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A general strike against a new tax bill saw Colombia's main cities flooded with protesters Friday. The Government of president Ivan Duque responded with violence, leaving scores of demonstrators injured and at least eight dead, according to human rights groups.
President Ivan Duque's government reinforced the military presence in Cali and Bogota.
In Cali, capital of Valle del Cauca province, where most of the violence was registered, there are so far "three missing people, 84 detained and 24 injured," tweeted @Col_Informa news agency, which also added that a woman was sexually attacked by a Mobile Anti-Riot Squad (ESMAD) agent.
Talking to the press on Saturday, Interior Minister Daniel Palacios did not report on fatalities or injured civilians . He only reported six police officers injured, and reinforcement of security forces.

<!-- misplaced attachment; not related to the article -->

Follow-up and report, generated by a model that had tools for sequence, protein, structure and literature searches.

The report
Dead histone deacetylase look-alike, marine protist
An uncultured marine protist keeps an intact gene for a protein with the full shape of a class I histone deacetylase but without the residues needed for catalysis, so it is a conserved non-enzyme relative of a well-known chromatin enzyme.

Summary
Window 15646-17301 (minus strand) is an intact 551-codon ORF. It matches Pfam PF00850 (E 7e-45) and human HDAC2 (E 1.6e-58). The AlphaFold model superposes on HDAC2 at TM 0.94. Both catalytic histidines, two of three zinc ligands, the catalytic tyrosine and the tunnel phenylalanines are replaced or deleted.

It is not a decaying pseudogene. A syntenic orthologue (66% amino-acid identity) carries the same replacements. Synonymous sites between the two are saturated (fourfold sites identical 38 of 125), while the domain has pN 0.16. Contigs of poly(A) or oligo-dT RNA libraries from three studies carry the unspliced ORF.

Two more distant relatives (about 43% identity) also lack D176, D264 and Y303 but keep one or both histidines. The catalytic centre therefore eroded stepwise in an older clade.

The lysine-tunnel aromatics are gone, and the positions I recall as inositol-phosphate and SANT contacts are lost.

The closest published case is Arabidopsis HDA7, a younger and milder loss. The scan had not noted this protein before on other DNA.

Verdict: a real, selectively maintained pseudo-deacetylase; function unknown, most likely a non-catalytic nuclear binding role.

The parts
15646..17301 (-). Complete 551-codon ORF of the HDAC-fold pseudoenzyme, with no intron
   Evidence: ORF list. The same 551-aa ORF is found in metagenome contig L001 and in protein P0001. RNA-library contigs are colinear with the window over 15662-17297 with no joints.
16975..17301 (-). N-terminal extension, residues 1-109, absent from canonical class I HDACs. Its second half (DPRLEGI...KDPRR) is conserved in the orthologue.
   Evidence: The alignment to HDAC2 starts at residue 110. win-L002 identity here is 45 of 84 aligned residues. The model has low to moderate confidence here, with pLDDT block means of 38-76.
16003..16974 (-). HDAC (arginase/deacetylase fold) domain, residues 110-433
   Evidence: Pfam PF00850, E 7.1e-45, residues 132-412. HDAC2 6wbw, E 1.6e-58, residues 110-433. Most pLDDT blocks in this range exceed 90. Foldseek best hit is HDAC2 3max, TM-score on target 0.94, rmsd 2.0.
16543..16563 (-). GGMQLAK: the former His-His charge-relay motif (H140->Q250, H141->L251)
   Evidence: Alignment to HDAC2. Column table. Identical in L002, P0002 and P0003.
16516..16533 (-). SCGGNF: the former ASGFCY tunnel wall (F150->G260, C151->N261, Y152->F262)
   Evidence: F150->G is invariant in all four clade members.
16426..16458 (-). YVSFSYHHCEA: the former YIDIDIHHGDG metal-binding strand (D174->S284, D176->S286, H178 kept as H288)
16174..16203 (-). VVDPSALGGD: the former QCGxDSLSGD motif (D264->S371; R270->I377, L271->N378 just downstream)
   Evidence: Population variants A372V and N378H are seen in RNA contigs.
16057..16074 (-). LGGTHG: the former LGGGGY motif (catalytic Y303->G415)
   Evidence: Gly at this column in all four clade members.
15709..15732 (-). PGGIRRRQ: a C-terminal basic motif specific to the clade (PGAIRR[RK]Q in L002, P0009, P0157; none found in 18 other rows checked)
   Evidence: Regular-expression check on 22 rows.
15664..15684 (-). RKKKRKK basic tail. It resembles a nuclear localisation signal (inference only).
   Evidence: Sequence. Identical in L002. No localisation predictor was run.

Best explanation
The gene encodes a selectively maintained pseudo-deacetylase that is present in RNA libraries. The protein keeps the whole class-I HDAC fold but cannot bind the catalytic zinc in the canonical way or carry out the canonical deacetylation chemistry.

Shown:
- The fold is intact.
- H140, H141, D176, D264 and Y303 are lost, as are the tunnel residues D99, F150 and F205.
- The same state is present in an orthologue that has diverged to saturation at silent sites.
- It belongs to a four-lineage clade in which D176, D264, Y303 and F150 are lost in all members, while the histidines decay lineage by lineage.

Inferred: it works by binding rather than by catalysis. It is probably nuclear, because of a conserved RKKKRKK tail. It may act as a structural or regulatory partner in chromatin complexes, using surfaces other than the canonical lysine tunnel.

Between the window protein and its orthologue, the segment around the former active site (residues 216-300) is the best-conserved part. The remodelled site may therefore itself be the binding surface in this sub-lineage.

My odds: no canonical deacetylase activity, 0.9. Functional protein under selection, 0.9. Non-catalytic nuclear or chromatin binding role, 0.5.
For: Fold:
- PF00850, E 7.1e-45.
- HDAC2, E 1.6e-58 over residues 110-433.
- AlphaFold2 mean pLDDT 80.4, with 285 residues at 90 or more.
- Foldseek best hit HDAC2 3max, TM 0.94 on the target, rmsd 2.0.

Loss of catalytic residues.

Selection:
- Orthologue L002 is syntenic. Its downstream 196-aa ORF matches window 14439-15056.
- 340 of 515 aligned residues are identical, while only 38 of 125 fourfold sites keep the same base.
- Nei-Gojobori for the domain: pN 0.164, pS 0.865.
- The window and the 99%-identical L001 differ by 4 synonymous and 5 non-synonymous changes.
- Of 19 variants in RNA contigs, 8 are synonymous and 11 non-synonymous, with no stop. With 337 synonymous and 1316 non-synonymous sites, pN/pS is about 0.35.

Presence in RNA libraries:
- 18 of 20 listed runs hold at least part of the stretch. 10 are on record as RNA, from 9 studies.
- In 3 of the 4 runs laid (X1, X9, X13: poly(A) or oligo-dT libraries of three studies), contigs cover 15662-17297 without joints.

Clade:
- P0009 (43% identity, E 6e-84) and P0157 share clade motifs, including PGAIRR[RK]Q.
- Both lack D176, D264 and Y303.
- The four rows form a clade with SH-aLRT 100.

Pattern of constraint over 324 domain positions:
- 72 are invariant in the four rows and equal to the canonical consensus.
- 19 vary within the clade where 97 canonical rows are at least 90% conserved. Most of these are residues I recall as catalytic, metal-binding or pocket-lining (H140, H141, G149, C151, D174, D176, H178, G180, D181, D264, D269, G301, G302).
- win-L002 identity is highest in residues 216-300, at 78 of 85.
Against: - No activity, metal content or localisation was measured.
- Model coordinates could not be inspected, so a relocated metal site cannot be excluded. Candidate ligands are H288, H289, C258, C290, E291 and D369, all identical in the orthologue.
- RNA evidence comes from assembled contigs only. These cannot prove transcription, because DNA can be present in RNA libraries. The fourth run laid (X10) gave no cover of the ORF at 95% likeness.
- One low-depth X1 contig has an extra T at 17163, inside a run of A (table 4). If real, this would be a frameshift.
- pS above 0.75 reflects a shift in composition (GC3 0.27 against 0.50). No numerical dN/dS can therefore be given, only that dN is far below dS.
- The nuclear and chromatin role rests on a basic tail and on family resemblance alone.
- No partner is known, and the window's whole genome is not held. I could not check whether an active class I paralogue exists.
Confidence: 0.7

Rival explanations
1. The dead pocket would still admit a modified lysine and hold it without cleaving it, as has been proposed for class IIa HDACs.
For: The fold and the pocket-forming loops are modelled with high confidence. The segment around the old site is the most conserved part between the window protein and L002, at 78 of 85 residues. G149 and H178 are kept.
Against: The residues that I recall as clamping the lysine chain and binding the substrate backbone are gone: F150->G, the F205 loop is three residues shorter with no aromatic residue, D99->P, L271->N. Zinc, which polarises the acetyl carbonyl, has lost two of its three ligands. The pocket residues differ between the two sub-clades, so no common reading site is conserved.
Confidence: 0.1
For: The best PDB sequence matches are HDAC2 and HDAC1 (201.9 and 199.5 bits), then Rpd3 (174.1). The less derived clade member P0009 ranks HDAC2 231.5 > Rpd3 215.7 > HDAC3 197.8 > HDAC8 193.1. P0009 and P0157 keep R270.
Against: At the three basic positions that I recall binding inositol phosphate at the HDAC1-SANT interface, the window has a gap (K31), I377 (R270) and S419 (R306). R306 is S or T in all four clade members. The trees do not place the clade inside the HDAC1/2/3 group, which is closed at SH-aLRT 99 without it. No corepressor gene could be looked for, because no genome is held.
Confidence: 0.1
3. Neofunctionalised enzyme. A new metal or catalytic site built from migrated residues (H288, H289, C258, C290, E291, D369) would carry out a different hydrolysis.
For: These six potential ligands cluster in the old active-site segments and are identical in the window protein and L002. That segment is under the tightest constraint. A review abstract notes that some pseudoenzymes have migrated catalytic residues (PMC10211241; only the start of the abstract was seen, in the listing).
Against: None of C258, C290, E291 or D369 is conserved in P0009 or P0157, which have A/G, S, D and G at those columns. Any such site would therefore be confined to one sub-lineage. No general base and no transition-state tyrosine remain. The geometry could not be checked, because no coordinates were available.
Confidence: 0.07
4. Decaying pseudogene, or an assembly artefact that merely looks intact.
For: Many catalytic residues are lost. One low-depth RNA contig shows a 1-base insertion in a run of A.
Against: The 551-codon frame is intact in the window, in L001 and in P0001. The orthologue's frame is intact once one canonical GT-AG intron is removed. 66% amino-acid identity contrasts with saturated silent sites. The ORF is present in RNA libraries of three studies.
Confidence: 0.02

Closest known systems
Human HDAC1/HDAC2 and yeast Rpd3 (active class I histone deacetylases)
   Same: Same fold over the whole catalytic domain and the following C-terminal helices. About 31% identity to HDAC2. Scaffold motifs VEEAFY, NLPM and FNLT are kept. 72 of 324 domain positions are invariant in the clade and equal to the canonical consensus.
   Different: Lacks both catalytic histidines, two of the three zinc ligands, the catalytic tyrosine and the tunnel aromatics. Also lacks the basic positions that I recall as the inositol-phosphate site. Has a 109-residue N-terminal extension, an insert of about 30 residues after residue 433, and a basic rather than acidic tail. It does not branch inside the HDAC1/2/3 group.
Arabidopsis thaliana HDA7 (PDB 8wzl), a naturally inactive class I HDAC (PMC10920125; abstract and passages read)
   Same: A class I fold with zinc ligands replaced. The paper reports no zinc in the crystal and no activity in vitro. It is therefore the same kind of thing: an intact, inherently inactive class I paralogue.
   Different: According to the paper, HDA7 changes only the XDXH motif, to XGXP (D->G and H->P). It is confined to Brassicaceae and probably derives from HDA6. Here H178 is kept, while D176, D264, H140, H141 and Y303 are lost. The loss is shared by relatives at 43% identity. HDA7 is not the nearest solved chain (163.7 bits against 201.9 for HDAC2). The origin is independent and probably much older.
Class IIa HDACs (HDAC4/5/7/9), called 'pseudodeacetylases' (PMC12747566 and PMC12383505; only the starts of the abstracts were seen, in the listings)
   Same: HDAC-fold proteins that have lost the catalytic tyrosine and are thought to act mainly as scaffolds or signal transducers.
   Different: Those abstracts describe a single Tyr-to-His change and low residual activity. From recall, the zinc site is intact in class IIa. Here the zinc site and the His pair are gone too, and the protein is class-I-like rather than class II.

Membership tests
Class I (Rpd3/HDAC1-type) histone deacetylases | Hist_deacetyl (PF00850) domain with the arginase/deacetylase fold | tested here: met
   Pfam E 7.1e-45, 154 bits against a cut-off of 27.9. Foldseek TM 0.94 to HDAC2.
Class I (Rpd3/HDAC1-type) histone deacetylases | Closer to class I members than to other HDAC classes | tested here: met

"At this moment, there are 1.780 police officers to guarantee the security of all people in Cali," said Palacios, who also confirmed the presence of 700 soldiers and two army Black Hawk helicopters.
����In #Colombia scenes from Bogotá where the police repressed protesters that had joined a national strike against the right-wing Duque government over a proposed tax reform that would benefit corporations and further disadvantage the workers and the poor pic.twitter.com/ECw6sJIpSo
According to Defense Minister Diego Molano "the violent events in Cali were premeditated, planned and sponsored by criminal organizations. We are taking more men and women from the police and the army to guarantee the defense and security of citizens."
The protesters were demanding the dismissal of the Sustainable Solidarity Bill (Tax-reform Bill), which aims to increase the tax burden on the country's middle and working class.
The most contested part of the bill is the introduction next year of taxes to low-income workers earning over 2.4 million Colombian pesos (some 630 dollars). The minimum salary in Colombia equals some 248 dollars.
Right-wing former President Alvaro Uribe called yesterday's protests "acts of terrorist vandalism" and called the army right to shoot on demonstrators.